Trump responded to Waters comments with a tweet calling her "an extraordinarily low IQ person," saying that she was calling for harm to his supporters. Monday afternoon Waters denied she called for anyone to be harmed.
“I believe in peaceful, very peaceful protest,” she said. “I have not called for the harm of anybody. This president has lied again when he’s saying that I called for harm to anyone.”
While Trump and Waters have a history of feuding, a rebuke from the leadership of Waters’ party came as a surprise to some.
House Minority Leader Nancy Pelosi, (D-California), criticized Waters' comments Monday, tweeting "In the crucial months ahead, we must strive to make America beautiful again. Trump's daily lack of civility has provoked responses that are predictable but unacceptable. As we go forward, we must conduct elections in a way that achieves unity from sea to shining sea."
Speaking from the Senate floor Monday, Minority Leader Charles Schumer, (D-New York), said “No one should call for the harassment of political opponents. That’s not right. That’s not American. The president’s tactics and behavior should never be emulated. It should be repudiated.”
Waters comments came after the owner of a Lexington, Virginia, restaurant refused to serve White House press secretary Sarah Huckabee Sanders. Tensions over the administration’s policies on immigration have led to other confrontations between members of the administration and its high-profile supporters.
The Sanders incident came days after Homeland Security Secretary Kirstjen Nielsen and White House adviser Stephen Miller were both heckled at Mexican restaurants, and Florida Attorney General, Pam Bondi, a Republican and Trump supporter, was jeered at a screening of a documentary about TV's "Mister Rogers."
Sanders tweeted from her government Twitter account this weekend that on Friday she was asked to leave the Red Hen Restaurant “because I work for @POTUS and I politely left. Her actions say far more about her than about me."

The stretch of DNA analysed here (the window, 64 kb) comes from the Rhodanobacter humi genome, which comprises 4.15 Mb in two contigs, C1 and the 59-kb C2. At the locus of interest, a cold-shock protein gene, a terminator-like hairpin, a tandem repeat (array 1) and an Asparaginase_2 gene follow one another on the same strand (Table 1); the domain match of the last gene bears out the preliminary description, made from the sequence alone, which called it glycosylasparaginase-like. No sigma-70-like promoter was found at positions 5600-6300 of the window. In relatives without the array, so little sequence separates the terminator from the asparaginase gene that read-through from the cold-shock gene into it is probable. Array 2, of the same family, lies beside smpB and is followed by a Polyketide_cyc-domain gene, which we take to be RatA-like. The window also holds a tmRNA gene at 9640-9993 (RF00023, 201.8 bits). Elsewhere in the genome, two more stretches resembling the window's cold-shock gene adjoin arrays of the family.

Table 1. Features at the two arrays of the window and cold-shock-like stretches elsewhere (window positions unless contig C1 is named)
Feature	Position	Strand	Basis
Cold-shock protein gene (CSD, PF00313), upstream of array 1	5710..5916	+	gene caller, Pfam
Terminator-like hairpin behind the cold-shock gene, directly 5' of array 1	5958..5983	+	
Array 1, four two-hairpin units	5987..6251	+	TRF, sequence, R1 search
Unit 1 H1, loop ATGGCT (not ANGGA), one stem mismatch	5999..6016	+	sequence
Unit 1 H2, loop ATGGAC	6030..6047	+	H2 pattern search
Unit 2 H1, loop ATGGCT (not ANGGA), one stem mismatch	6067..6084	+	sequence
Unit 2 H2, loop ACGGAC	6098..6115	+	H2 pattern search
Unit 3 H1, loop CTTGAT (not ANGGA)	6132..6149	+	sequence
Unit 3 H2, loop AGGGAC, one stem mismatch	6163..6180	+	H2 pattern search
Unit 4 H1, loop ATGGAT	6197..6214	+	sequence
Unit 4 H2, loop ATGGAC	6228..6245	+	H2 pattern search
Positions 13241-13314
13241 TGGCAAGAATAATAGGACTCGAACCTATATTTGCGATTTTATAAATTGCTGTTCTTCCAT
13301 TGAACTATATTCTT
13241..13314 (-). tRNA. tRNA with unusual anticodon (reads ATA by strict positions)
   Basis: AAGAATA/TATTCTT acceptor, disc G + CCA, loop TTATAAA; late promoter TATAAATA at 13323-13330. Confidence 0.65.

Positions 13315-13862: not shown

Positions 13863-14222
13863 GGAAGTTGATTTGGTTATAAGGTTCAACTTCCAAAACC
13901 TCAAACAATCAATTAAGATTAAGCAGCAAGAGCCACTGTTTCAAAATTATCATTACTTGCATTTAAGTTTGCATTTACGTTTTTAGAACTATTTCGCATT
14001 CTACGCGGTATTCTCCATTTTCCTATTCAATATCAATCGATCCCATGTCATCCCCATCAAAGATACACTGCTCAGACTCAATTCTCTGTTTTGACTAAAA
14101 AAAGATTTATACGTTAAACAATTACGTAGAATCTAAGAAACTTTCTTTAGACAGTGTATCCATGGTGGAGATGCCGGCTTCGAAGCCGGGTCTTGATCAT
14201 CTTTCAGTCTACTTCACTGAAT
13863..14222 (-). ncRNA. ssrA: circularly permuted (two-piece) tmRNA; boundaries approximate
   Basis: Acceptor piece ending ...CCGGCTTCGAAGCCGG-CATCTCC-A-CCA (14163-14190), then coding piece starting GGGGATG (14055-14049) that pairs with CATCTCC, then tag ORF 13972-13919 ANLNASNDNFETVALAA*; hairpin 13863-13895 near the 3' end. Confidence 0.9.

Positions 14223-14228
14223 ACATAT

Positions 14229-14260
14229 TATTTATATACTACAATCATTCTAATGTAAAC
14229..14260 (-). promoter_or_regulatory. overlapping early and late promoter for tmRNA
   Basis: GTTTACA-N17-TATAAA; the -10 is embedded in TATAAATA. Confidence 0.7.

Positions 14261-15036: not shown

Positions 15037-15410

She also called for civility during the White House press briefing on Monday, saying people should be able to disagree “freely and without fear of harm."
Several Democrats have condemned Waters' comments. The Washington Post reported that a Democratic leadership aide said Waters' comments were "a gift" to the GOP.
“She went too far. Her comments, to an impartial observer, came off as a call for violence, and that is too far,” the aide, who was not authorized to speak publicly about the issue, said to The Post. “It became a distraction and, obviously, it needed to be addressed.”
An opinion piece by Michelle Goldberg, posted Tuesday in The New York Times, defended Waters and others who have challenged Trump's actions, saying in part, "Whether or not you think public shaming should be happening, it's important to understand why it's happening. It's less a result of a breakdown in civility than a breakdown of democracy. Though it's tiresome to repeat it, Donald Trump eked out his minority victory with help from a hostile foreign power. He has ruled exclusively for his vengeful supporters, who love the way he terrifies, outrages and humiliates their fellow citizens."
WASHINGTON, DC - JULY 12: Ranking Member Maxine Waters (D-CA) looks on as Federal Reserve Board Chairwoman Janet Yellen testifies before the House Financial Committee about the State of the economy on July 12, 2017 in Washington, DC. Yellen said the Federal Reserve expects to begin shrinking its $4.5 trillion bond stimulus later this year. (Photo by Pete Marovich/Getty Images)
Credit: Pete Marovich
Credit: Pete Marovich